Next book

A GIRL LIKE ME

A great way to spark real-world conversations with other girls “like me." (Picture book. 4-8)

A book to inspire the next diverse generation of girls to keep working toward breaking glass ceilings no matter how often the world tells them, “A girl like you needs to stop.”

Johnson and Crews are seasoned talents whose collaboration here shines. Johnson’s spare words of encouragement are in harmony with Crews’ large double-page spreads blending photos of black and brown girls into a collaged dreamworld. Each of three girls is a star in her own dream only to hear people shouting in the background that what she wants simply isn’t possible. The illustrations show the three meeting on an urban playground and then encouraging other neighborhood girls of many races to join them in standing up to the doubters. There is much that Johnson doesn’t say that Crews uses pictures to illustrate. Adult readers may need to help children understand what is taking place in the story, at the heart of which is the power of play. Each girl is seen using her imagination to make her reality “better than the dream.” Illustrating this, a dozen girls in ebullient dress-up pose on the beach, all unapologetically themselves. A final spread allows each depicted girl to tell readers a little bit about herself—a sweet touch that drives home this reminder that girls should be supported in exploring their limitless imaginations, regardless of the naysayers.

A great way to spark real-world conversations with other girls “like me." (Picture book. 4-8)

Pub Date: Feb. 4, 2020

ISBN: 978-1-5415-5777-2

Page Count: 32

Publisher: Millbrook/Lerner

Review Posted Online: Nov. 9, 2019

Kirkus Reviews Issue: Dec. 1, 2019

Categories:
Next book

A LIBRARY

A lushly illustrated homage to librarians who provide a welcome and a home away from home for all who enter.

A love letter to libraries.

A Black child, with hair in two puffballs tied with yellow ribbons, a blue dress with a Peter Pan collar, and black patent leather Mary Janes, helps Grandmother with the housework, then, at Grandmother’s suggestion, heads to the library. The child’s eagerness to go, with two books under an arm and one in their hand, suggests that this is a favorite destination. The books’ wordless covers emphasize their endless possibilities. The protagonist’s description of the library makes clear that they are always free to be themselves there—whether they feel happy or sad, whether they’re reading mysteries or recipes, and whether they feel “quick and smart” or “contained and cautious.” Robinson’s vibrant, carefully composed digital illustrations, with bright colors that invite readers in and textures and patterns in every image, effectively capture the protagonist’s passion for reading and appreciation for a space where they feel accepted regardless of disposition. In her author’s note, Giovanni states that she spent summers visiting her grandmother in Knoxville, Tennessee, where she went to the Carnegie Branch of the Lawson McGhee Library. She expresses gratitude for Mrs. Long, the librarian, who often traveled to the main library to get books that Giovanni could not find in their segregated branch. (This book was reviewed digitally.)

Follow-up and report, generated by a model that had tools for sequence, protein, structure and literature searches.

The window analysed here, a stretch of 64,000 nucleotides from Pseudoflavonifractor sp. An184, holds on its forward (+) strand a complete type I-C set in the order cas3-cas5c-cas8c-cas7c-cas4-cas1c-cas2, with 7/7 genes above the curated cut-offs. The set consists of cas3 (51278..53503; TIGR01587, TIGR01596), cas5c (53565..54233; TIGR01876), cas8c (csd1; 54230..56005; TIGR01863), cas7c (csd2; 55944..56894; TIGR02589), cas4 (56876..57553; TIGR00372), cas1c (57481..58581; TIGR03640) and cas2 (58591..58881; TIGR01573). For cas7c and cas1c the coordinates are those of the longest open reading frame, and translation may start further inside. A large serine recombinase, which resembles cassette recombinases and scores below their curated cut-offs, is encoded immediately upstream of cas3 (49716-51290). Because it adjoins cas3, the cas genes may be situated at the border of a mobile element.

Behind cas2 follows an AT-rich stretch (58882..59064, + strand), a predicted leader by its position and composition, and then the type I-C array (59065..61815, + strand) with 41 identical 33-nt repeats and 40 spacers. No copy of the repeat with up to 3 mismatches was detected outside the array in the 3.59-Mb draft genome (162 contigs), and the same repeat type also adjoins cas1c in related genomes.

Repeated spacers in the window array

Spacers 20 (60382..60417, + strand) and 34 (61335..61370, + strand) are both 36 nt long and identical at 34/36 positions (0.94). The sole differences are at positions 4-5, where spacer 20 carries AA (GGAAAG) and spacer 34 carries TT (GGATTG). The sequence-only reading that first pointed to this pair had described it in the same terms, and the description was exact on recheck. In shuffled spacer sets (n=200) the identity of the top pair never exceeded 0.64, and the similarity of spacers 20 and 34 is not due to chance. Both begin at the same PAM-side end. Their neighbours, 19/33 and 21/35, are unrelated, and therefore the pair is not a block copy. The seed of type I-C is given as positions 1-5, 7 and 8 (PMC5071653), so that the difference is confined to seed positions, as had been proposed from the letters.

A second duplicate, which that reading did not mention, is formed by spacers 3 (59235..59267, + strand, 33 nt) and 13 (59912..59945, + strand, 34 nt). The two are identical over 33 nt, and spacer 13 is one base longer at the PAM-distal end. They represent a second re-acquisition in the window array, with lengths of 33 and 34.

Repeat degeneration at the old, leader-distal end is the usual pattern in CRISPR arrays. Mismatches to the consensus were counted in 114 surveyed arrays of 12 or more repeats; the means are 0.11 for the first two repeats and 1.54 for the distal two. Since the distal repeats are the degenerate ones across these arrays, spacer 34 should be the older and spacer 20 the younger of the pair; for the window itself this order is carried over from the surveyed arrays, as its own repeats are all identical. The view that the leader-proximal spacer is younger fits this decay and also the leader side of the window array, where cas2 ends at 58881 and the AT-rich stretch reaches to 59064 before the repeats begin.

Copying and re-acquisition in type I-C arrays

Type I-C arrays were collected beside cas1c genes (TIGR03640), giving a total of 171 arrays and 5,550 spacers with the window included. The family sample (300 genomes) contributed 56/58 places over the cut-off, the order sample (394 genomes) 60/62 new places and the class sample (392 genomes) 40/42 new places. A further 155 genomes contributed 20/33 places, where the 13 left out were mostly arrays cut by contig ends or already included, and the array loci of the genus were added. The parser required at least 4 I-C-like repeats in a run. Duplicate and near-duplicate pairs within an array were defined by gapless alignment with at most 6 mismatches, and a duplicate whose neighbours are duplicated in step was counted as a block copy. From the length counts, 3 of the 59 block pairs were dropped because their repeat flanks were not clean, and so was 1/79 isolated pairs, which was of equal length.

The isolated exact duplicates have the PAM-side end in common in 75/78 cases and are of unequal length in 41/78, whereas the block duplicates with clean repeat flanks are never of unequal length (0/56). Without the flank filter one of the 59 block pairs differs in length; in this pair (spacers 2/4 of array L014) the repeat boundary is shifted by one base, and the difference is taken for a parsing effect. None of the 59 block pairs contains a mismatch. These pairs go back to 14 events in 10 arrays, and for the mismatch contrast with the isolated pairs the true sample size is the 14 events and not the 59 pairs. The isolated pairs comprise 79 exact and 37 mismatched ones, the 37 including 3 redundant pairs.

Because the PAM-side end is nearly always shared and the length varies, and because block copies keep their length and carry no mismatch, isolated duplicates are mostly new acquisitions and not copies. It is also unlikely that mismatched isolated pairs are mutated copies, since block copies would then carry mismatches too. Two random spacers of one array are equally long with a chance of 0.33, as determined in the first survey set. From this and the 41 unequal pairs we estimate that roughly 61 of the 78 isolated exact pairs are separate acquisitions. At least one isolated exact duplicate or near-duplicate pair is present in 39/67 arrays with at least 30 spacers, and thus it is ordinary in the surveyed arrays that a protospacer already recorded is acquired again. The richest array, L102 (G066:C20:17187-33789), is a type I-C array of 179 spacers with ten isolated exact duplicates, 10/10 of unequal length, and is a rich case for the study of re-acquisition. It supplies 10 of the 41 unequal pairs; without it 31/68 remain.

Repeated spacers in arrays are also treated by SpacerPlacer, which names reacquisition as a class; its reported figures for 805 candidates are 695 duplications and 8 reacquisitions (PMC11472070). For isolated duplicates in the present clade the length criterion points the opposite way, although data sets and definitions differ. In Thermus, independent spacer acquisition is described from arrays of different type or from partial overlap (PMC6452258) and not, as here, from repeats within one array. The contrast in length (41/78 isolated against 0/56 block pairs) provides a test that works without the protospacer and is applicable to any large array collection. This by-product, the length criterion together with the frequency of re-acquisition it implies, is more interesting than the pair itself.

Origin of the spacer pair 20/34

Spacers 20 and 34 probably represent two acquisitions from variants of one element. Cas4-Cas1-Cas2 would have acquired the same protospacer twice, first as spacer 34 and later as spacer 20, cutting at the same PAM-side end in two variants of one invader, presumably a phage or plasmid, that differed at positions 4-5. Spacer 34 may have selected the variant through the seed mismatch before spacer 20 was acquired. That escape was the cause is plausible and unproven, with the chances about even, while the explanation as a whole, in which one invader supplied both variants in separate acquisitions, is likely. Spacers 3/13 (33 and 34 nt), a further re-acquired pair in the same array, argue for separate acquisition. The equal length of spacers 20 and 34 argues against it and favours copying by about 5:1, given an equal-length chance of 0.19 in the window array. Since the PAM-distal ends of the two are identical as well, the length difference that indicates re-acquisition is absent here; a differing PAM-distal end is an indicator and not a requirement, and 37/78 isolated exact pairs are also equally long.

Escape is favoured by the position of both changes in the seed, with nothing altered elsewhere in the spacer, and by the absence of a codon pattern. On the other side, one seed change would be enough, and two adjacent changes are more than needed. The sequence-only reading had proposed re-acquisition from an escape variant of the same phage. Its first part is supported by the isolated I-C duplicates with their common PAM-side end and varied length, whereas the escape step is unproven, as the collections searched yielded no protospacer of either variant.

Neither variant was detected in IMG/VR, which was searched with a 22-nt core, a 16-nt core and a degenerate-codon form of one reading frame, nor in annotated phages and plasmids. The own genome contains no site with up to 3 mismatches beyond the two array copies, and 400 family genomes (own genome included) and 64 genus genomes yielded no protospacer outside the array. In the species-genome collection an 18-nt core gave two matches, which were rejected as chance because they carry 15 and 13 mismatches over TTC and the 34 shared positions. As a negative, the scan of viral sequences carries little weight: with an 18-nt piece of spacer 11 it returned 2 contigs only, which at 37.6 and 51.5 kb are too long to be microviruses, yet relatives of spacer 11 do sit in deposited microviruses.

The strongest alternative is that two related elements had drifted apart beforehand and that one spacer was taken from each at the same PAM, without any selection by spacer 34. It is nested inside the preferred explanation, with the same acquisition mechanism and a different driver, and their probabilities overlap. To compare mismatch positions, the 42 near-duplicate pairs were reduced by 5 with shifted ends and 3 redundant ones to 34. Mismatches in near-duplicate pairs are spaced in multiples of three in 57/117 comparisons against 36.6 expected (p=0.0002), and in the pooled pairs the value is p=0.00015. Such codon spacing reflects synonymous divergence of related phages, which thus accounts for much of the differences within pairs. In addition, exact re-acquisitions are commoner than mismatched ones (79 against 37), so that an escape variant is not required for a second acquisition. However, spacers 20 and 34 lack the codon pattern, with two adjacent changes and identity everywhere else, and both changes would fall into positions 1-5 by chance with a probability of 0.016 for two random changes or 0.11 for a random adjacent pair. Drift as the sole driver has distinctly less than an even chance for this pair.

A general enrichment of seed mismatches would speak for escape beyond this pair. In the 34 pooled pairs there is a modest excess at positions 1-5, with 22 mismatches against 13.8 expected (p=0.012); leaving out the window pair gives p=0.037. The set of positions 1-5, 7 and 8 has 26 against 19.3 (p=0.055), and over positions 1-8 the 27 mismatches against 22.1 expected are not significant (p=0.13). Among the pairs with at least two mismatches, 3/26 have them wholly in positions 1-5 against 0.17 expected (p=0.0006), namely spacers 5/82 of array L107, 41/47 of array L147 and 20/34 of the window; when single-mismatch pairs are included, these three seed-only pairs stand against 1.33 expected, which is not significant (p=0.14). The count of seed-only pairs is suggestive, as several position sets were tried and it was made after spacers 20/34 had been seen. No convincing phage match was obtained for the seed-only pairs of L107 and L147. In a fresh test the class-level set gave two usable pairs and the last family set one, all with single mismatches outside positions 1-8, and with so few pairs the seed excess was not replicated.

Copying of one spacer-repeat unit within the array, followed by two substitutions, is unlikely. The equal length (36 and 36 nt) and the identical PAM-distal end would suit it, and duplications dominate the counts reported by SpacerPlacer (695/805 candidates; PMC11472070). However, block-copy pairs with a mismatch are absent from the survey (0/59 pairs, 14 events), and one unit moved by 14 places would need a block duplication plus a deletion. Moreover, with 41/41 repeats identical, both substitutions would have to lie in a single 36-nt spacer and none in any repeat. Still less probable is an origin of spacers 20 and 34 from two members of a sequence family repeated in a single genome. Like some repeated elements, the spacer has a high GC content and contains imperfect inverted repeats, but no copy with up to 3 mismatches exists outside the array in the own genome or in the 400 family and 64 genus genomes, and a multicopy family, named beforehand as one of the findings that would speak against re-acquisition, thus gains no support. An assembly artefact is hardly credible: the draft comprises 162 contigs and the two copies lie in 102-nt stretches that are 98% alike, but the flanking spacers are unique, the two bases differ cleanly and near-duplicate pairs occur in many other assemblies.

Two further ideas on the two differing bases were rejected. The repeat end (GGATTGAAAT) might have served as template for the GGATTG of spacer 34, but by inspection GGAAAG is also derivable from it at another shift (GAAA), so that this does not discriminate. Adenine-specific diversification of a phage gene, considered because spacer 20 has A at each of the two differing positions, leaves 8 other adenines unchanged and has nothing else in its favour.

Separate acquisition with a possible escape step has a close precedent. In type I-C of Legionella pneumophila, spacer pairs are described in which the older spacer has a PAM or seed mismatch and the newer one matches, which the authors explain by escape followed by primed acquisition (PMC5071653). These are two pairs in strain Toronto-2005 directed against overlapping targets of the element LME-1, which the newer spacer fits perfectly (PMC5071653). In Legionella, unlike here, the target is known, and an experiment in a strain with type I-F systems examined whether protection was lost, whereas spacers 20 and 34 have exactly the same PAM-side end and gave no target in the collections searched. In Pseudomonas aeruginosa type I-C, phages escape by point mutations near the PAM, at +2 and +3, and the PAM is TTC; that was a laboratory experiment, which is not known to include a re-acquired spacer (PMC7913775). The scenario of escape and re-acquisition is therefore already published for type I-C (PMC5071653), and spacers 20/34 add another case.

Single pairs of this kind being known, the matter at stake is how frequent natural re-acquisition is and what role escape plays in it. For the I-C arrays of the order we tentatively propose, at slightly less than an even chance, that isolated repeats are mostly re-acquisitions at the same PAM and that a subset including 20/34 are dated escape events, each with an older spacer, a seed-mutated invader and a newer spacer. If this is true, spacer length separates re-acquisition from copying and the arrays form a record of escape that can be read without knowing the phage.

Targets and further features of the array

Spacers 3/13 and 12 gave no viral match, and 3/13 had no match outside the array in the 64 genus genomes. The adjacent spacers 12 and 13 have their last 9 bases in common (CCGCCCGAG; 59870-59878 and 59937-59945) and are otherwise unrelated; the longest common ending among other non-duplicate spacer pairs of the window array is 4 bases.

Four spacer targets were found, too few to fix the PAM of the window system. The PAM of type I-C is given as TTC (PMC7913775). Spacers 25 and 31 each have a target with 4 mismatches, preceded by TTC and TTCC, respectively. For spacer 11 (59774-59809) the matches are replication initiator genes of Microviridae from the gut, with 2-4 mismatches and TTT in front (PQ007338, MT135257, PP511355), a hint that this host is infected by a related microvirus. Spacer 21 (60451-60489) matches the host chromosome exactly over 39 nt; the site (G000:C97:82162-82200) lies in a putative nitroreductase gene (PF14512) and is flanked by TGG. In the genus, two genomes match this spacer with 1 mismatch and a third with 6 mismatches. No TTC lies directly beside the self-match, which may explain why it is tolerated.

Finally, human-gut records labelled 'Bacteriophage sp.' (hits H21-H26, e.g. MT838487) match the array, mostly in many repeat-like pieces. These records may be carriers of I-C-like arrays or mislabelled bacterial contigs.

A lushly illustrated homage to librarians who provide a welcome and a home away from home for all who enter. (Picture book. 4-7)

Pub Date: Sept. 27, 2022

ISBN: 978-0-358-38765-7

Page Count: 32

Publisher: Versify/HarperCollins

Review Posted Online: July 26, 2022

Kirkus Reviews Issue: Aug. 15, 2022

Categories:

Awards & Accolades

Our Verdict

  • Our Verdict
  • GET IT


  • Kirkus Reviews'
    Best Books Of 2020


  • Schneider Family Book Award Winner

Next book

I TALK LIKE A RIVER

An astounding articulation of both what it feels like to be different and how to make peace with it.

Awards & Accolades

Our Verdict

  • Our Verdict
  • GET IT


  • Kirkus Reviews'
    Best Books Of 2020


  • Schneider Family Book Award Winner

A young boy describes how it feels to stutter and how his father’s words see him through “bad speech day[s].”

Lyrical, painfully acute language and absorbing, atmospheric illustrations capture, with startling clarity, this school-age child’s daily struggle with speech. Free verse emulates the pauses of interrupted speech while slowing down the reading, allowing the words to settle. When coupled with powerful metaphors, the effect is gut-wrenching: “The P / in pine tree / grows roots / inside my mouth / and tangles / my tongue.” Dappled paintings inspire empathy as well, with amorphous scenes infused with the uncertainty that defines both the boy’s unpredictable speech and his melancholy. Specificity arrives in the artwork solely at the river, where boy and father go after a particularly bad morning. Scenery comes into focus, and readers feel the boy’s relief in this refuge where he can breathe deeply, be quiet, and think clearly. At this extraordinary book’s center, a double gatefold shows the child wading in shimmering waters, his back to readers, his face toward sunlight. His father pulls his son close and muses that the boy “talk[s] like a river,” choppy in places, churning in others, and smooth beyond.  (Father and son both appear White.) Young readers will turn this complex idea over in their minds again and again. The author includes a moving autobiographical essay prompting readers to think even further about speech, sounds, communication, self-esteem, and sympathy.

An astounding articulation of both what it feels like to be different and how to make peace with it. (Picture book. 4-8)

Pub Date: Sept. 1, 2020

ISBN: 978-0-8234-4559-2

Page Count: 40

Publisher: Neal Porter/Holiday House

Review Posted Online: June 29, 2020

Kirkus Reviews Issue: July 15, 2020

Close Quickview